Sam­sung’s de facto head,

The Washington Post - - FRONT PAGE - BY ANNA FIFIELD

Lee Jae-yong, was ar­rested in Seoul on charges of bribery over his al­leged role in an ex­plo­sive cor­rup­tion scan­dal that has riv­eted South Korea.

kuala lumpur — Sam­sung’s de facto head, Lee Jae-yong, was ar­rested in Seoul on Fri­day morn­ing on charges of bribery over his al­leged role in an ex­plo­sive cor­rup­tion scan­dal that has riv­eted South Korea.

The 48-year-old heir ap­par­ent to the Sam­sung em­pire was taken into cus­tody af­ter the courts, which had re­jected a spe­cial pros­e­cu­tor’s first re­quest, granted a se­cond re­quest to is­sue a war­rant for his de­ten­tion.

That means that both the head of South Korea’s largest con­glom­er­ate and the coun­try’s pres­i­dent have fallen — at least tem­po­rar­ily — in the widen­ing scan­dal that re­volves around al­le­ga­tions of bribery and in­flu­ence at the high­est lev­els.

“The ra­tio­nale for and the ne­ces­sity of his ar­rest is ac­knowl­edged con­sid­er­ing the new charges and ad­di­tional ev­i­dence col­lected,” Seoul Cen­tral District Court said in a text mes­sage sent to re­porters, ac­cord­ing to the Yon­hap News Agency.

In a one-line state­ment, Sam­sung said: “We will do our best to en­sure that the truth is re­vealed in fu­ture court pro­ceed­ings.”

Prose­cu­tors added charges of hid­ing crim­i­nal pro­ceeds and vi­o­lat­ing the law on trans­fer­ring as­sets over­seas to their ini­tial charges against Lee of bribery, em­bez­zle­ment and per­jury. In De­cem­ber, the court said that prose­cu­tors had not made a suf­fi­cient case for Lee’s de­ten­tion, an in­terim vic­tory for Sam­sung.

The case re­lates to an ev­er­widen­ing po­lit­i­cal scan­dal re­volv­ing around Pres­i­dent Park Geun-hye and her se­cret con­fi­dante, Choi Soon-sil, who is ac­cused of prof­it­ing off her re­la­tion­ship with the pres­i­dent.

The Na­tional As­sem­bly voted in De­cem­ber to im­peach Park over her al­leged role in the case, lead­ing her to be sus­pended from of­fice while the Con­sti­tu­tional Court de­cides whether to ap­prove her im­peach­ment. Its rul­ing is ex­pected early next month.

Choi, who is on trial for bribery, co­er­cion and abuse of power and has de­nied all charges, is al­leged to have ex­tracted money from ma­jor South Korean busi­nesses as pay­ment for us­ing her con­nec­tions to win fa­vor­able treat­ment from the gov­ern­ment for the com­pa­nies.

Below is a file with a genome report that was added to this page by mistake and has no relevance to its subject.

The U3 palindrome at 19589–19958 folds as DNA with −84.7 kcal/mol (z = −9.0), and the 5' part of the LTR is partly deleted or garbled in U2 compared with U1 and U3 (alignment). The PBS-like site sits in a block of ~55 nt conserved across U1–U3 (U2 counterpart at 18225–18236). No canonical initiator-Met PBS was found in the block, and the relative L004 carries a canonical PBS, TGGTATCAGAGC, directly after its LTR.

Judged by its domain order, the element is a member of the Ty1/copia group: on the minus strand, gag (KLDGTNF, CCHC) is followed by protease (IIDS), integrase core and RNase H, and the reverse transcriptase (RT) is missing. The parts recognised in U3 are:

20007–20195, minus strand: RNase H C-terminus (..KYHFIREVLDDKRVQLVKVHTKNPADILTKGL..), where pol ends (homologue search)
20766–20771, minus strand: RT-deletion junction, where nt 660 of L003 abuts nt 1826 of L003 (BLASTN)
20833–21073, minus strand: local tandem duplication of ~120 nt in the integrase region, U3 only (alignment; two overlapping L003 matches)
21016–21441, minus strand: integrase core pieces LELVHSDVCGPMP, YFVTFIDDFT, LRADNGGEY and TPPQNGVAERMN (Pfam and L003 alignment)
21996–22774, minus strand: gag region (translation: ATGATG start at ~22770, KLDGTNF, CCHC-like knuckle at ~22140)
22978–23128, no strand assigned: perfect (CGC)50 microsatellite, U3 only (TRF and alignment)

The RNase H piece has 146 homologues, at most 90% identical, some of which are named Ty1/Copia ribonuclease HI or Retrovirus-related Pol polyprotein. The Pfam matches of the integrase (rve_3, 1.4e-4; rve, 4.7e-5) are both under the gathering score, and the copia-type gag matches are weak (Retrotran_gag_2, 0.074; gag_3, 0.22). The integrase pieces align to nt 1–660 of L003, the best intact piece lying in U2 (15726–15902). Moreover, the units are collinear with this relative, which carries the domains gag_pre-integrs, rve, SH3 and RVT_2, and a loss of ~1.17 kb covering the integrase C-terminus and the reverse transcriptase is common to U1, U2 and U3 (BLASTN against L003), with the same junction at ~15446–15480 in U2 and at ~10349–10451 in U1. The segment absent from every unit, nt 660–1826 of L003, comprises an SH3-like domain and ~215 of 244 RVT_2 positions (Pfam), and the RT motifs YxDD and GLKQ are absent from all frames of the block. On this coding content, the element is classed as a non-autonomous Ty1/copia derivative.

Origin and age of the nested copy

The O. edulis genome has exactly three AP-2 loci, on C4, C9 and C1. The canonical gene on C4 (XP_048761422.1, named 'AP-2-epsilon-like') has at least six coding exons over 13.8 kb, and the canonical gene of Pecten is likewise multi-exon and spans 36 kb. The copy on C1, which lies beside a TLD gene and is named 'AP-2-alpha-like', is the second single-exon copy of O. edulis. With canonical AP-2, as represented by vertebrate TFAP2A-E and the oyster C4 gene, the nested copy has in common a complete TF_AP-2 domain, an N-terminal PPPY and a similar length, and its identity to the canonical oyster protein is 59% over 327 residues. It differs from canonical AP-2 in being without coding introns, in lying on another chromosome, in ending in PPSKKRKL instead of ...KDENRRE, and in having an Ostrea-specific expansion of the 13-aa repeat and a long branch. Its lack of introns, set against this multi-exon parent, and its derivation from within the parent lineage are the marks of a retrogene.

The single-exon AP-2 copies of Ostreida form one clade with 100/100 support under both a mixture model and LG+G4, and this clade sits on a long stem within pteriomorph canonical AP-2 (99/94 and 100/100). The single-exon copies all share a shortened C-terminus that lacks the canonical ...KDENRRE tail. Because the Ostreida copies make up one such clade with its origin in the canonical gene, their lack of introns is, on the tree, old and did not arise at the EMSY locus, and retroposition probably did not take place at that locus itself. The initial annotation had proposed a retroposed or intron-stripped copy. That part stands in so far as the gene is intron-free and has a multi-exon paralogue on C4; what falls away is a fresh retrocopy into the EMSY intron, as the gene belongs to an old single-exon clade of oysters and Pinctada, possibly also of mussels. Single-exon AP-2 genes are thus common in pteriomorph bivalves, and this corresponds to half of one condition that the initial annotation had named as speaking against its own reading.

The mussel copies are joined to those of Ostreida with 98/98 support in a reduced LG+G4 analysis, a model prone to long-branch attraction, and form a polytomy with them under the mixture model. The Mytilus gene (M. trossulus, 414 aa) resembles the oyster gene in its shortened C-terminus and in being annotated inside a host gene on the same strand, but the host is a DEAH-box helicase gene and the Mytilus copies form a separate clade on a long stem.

Sam­sung — upon Lee’s or­der — is ac­cused of pay­ing about $36 mil­lion in bribes to Choi in ex­change for the gov­ern­ment’s sup­port for a cru­cial merger of two Sam­sung af­fil­i­ates in 2015.

Al­though Lee is tech­ni­cally vice chair­man of the group, he has in ef­fect been run­ning the com­pany for al­most three years while his ail­ing fa­ther lies un­con­scious in the hospi­tal.

Many of the al­le­ga­tions in the case re­volve around the Lee fam­ily’s sus­pected ef­forts to keep con­trol of the cor­po­rate be­he­moth.

In re­turn for the $36 mil­lion in pay­ments, Choi al­legedly put pres­sure on au­thor­i­ties to ap­prove the $8 bil­lion merger of two Sam­sung units, part of a plan to strengthen the fam­ily’s hold on the group, which it con­trols through a com­plex web of cross-share­hold­ings, de­spite own­ing only a tiny stake of it.

The Na­tional Pen­sion Ser­vice, a ma­jor Sam­sung share­holder, is sus­pected of sup­port­ing the merger on Choi’s in­struc­tion. The head of the ser­vice, a for­mer health min­is­ter, has been in­dicted in re­la­tion to the scan­dal.

At a par­lia­men­tary hear­ing in De­cem­ber, Lee de­nied be­ing in­volved in any bribery scheme but ad­mit­ted that Sam­sung had given a $900,000 horse to Choi’s daugh­ter, an Olympic eques­trian hope­ful.

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